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post #1 of 8 Old 04-28-2008 Thread Starter
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Bristol 24 auxiliary power

I recently purchased a '68 Bristol 24. It came originally with an inboard engine which a previous owner removed. I have no interest in replacing the inboard due to cost restrictions but would like to put in an outboard. It has a well in the lazerette for an outboard motor. My first question is, due to the outboard being in the well and not on a kicker bracket, can I get away with using a shorter shaft motor? Secondly, what kind of horsepower is needed to move the boat at hull speed? Obviously a larger motor is better to a point, but again cost is a concern.

Thanks for the help
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post #2 of 8 Old 04-28-2008
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Yes...you can use a short shaft. I would guess that a 7.5hp engine or thereabouts would suffice. Less...if you are lake sailing and don't have to worry about tides, currents and larger seas.

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post #3 of 8 Old 04-28-2008
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7.5 is probably enough to get up to hull speed but you certainly can get by with a smaller engine if a nice model comes up for sale near you. I motor my 68 B27 with a 6hp and it goes about 4 knots with ease, not pushing it at all. In the ocean with waves and current it might be 3 knots. How long do you plan on motoring? If there is wind put the sails up. The short shaft will work fine in the lazarette well, like Cam said.


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post #4 of 8 Old 04-29-2008 Thread Starter
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I don't plan on motoring for long, just enough to come in and out of port, in and out of the river where the marina is located, and on the odd chance we have a windless day on buzzards bay.

I was originally thinking of a 9.9hp, but I've recently found 2 6hp 4 stroke models in nice shape for great prices. Just wasn't sure if that would be enough.
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post #5 of 8 Old 04-29-2008
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I would also think the 6 HP would be adequate for the boat size ( I had a 4 long shaft on my 23' and that served fine...), but I would get a long shaft as outboards have generally marginal prop depth, and deeper is, well, always better. Also note that the 4 cycles are bigger than the 2's, be sure to check fit before you are commited.

Here's a link to a discussion thread about outboards and Cd 25s, while the CD 25 is a different boat I would think you would find it helpful to read the comments of these owners of a similar sized boat: Cape Dory Boats - View topic - best 4 stroke and horse power outboard for 24 ft CD

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post #6 of 8 Old 05-05-2008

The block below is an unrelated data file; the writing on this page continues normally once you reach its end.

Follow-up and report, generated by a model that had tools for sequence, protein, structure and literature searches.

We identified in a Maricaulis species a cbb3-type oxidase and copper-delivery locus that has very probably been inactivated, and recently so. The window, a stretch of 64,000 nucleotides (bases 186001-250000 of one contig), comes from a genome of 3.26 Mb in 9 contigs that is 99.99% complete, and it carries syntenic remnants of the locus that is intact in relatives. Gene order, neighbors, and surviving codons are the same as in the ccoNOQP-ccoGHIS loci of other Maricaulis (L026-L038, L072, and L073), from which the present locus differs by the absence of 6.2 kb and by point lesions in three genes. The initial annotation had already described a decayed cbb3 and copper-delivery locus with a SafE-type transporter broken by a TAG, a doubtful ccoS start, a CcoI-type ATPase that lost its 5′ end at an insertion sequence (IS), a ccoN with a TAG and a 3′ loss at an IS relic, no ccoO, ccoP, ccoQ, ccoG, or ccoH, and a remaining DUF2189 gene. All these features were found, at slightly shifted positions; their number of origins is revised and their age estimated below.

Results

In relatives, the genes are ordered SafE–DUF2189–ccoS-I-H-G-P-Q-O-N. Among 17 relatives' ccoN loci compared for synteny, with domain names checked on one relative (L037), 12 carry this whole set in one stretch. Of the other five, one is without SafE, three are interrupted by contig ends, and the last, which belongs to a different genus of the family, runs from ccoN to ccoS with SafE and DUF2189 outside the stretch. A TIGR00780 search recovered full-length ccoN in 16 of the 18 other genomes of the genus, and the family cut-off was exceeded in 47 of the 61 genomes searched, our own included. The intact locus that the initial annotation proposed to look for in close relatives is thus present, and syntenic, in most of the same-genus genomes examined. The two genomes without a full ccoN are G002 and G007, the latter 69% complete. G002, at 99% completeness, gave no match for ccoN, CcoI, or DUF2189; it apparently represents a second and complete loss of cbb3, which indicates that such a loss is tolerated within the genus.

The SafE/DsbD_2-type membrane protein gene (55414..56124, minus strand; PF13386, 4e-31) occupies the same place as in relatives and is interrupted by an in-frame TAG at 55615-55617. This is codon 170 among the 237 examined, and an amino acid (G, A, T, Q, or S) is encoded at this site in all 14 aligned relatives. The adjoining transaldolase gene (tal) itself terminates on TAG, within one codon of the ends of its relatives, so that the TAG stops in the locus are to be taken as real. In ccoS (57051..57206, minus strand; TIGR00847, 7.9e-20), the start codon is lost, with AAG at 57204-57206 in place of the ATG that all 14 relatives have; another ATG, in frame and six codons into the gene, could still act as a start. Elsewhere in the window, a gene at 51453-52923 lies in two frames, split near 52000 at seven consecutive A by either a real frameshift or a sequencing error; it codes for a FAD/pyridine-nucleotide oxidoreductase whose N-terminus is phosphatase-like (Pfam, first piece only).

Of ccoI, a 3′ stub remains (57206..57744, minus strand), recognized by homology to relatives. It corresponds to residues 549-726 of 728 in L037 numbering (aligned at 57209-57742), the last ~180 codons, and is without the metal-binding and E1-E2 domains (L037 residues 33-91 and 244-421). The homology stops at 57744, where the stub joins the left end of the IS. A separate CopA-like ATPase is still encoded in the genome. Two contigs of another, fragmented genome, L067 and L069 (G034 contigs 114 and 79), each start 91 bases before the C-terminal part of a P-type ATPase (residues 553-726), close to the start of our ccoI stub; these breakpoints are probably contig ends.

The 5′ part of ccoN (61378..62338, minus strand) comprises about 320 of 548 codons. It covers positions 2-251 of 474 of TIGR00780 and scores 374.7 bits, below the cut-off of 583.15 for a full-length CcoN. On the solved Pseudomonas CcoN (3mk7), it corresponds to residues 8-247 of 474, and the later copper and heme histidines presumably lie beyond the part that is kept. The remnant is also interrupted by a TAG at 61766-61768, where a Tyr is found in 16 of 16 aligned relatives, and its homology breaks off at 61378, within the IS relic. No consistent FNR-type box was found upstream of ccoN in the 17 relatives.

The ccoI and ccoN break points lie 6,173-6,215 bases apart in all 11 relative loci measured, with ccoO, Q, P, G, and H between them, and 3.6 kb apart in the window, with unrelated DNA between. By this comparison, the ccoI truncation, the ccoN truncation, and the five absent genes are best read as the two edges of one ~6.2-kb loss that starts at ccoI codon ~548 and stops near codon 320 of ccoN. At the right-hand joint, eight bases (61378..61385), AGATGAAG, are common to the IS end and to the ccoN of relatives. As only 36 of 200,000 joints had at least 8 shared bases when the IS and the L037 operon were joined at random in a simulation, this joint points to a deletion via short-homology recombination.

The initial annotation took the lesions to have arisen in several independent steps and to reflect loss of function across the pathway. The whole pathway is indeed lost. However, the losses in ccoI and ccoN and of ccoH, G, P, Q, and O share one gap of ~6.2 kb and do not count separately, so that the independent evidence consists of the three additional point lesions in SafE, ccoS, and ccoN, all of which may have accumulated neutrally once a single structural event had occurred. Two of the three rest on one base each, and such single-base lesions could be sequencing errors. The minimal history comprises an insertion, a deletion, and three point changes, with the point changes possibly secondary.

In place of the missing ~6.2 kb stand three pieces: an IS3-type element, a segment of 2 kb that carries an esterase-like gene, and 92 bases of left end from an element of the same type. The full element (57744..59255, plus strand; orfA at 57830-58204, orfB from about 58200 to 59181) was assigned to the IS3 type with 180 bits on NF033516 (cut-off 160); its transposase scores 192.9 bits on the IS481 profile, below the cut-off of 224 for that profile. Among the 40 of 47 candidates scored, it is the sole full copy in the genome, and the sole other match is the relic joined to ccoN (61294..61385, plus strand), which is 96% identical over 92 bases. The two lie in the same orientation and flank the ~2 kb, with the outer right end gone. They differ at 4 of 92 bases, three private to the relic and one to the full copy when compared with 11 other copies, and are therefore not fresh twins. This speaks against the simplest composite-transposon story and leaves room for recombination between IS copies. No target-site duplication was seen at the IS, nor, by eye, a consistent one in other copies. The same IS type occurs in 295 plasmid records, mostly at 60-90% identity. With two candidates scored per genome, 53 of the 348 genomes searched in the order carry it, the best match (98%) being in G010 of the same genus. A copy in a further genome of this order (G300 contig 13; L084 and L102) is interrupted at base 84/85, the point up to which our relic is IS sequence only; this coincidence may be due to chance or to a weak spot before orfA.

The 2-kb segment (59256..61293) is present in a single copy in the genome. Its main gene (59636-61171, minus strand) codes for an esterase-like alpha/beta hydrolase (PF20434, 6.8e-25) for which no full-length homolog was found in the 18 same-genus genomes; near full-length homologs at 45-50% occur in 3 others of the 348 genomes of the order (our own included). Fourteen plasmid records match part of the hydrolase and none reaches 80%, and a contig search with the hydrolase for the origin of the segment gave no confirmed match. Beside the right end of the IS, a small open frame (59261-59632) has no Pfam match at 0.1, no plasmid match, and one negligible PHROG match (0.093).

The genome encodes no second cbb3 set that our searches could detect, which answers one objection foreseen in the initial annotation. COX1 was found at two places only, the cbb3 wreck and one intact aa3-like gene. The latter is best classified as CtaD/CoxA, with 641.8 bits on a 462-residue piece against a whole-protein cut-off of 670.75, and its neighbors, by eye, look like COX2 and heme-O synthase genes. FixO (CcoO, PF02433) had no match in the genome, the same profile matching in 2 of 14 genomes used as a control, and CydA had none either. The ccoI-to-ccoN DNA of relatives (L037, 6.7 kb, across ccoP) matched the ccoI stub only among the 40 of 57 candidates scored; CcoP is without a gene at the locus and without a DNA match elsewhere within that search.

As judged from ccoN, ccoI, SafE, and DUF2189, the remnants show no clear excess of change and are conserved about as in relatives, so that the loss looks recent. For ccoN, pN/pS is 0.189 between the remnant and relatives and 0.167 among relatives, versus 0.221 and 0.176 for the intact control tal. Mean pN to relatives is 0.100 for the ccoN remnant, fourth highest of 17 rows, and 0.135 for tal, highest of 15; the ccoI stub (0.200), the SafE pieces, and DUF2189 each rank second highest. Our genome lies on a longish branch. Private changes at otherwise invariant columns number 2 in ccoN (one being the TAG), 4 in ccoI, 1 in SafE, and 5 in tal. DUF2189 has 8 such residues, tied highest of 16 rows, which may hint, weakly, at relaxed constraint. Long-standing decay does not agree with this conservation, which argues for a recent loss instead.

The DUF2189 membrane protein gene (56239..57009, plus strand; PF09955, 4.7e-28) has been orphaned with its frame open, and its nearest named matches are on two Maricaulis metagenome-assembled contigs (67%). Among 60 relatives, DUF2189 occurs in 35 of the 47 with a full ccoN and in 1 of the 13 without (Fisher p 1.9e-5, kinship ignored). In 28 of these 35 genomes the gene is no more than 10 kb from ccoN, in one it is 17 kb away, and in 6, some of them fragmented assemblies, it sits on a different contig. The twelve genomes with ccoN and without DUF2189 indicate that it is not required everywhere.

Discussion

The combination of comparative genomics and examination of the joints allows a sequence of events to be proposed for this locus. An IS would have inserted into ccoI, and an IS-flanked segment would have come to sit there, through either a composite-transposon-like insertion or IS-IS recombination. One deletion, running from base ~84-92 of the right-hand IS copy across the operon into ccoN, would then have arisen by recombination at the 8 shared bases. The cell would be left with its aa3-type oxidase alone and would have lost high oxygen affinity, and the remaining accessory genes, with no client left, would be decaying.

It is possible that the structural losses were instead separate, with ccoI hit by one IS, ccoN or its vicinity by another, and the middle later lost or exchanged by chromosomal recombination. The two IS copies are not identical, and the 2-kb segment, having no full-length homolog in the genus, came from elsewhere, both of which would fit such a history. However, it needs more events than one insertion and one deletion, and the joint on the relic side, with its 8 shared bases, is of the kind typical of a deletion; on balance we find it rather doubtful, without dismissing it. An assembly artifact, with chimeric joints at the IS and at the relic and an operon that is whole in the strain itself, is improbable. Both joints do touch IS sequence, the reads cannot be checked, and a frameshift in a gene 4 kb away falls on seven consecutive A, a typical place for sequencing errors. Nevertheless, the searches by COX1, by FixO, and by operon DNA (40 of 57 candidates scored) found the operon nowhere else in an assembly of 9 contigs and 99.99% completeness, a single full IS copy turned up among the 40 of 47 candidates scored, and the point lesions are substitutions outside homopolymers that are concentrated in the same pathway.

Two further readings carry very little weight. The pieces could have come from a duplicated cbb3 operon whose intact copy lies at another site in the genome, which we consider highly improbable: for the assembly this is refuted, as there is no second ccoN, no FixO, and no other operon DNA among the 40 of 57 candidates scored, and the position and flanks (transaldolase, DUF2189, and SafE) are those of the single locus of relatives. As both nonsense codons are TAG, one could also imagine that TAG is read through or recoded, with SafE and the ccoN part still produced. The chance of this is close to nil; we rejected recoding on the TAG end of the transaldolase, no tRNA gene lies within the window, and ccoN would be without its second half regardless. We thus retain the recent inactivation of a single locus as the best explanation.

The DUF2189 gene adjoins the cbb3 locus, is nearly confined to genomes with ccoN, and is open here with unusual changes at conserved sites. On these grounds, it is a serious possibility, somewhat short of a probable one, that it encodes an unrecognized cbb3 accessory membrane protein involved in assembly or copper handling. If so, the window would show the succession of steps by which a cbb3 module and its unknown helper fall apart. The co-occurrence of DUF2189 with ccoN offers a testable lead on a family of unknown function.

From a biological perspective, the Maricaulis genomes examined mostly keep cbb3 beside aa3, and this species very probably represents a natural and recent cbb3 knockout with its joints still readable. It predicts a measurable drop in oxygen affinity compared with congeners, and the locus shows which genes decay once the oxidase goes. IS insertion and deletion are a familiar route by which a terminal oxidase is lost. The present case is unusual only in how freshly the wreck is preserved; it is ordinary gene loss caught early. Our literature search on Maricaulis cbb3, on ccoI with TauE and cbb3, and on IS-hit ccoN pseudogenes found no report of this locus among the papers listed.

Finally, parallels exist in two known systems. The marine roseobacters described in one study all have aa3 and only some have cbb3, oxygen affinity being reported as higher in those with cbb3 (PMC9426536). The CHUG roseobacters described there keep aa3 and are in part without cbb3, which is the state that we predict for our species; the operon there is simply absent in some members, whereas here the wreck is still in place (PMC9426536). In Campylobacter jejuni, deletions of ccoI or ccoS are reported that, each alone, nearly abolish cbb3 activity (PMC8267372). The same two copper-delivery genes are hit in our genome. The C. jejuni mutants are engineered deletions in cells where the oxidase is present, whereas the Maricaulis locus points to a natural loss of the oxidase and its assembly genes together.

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I have the 9.8 and can get on plane! -- seriously, I wish I had a lighter motor. The 9.8 fits nicely in the well but an 8hp would fit and be easier to remove etc. I have the 25" shaft and find that effective even in a heavy chop; never had cavitation even in the worst conditions. Of course, having that "hogleg" sticking deep in the water invites Chesapeke crabpots to attack!!

I would think the 8 hp would do the job. I wouldn't be interested in anything smaller because I am often in strong currents, steep chop entering and leaving coastal areas. If you transit the Cape Cod Canal or similar area you really appreciate more hp.
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post #7 of 8 Old 05-08-2008 Thread Starter
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Quote:
Originally Posted by Carleton70 View Post
I have the 9.8 and can get on plane! -- seriously, I wish I had a lighter motor. The 9.8 fits nicely in the well but an 8hp would fit and be easier to remove etc. I have the 25" shaft and find that effective even in a heavy chop; never had cavitation even in the worst conditions. Of course, having that "hogleg" sticking deep in the water invites Chesapeke crabpots to attack!!

I would think the 8 hp would do the job. I wouldn't be interested in anything smaller because I am often in strong currents, steep chop entering and leaving coastal areas. If you transit the Cape Cod Canal or similar area you really appreciate more hp.
The canal is about the only reason I'm afraid to go too small. I've seen too many sailboats standing still in the canal.

I still haven't committed to one yet. The boat goes in the water next weekend, so it's crunch time in finding one.
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post #8 of 8 Old 12-16-2008
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I had an 8hp on my B24.
It was more than enough for moderate currents.


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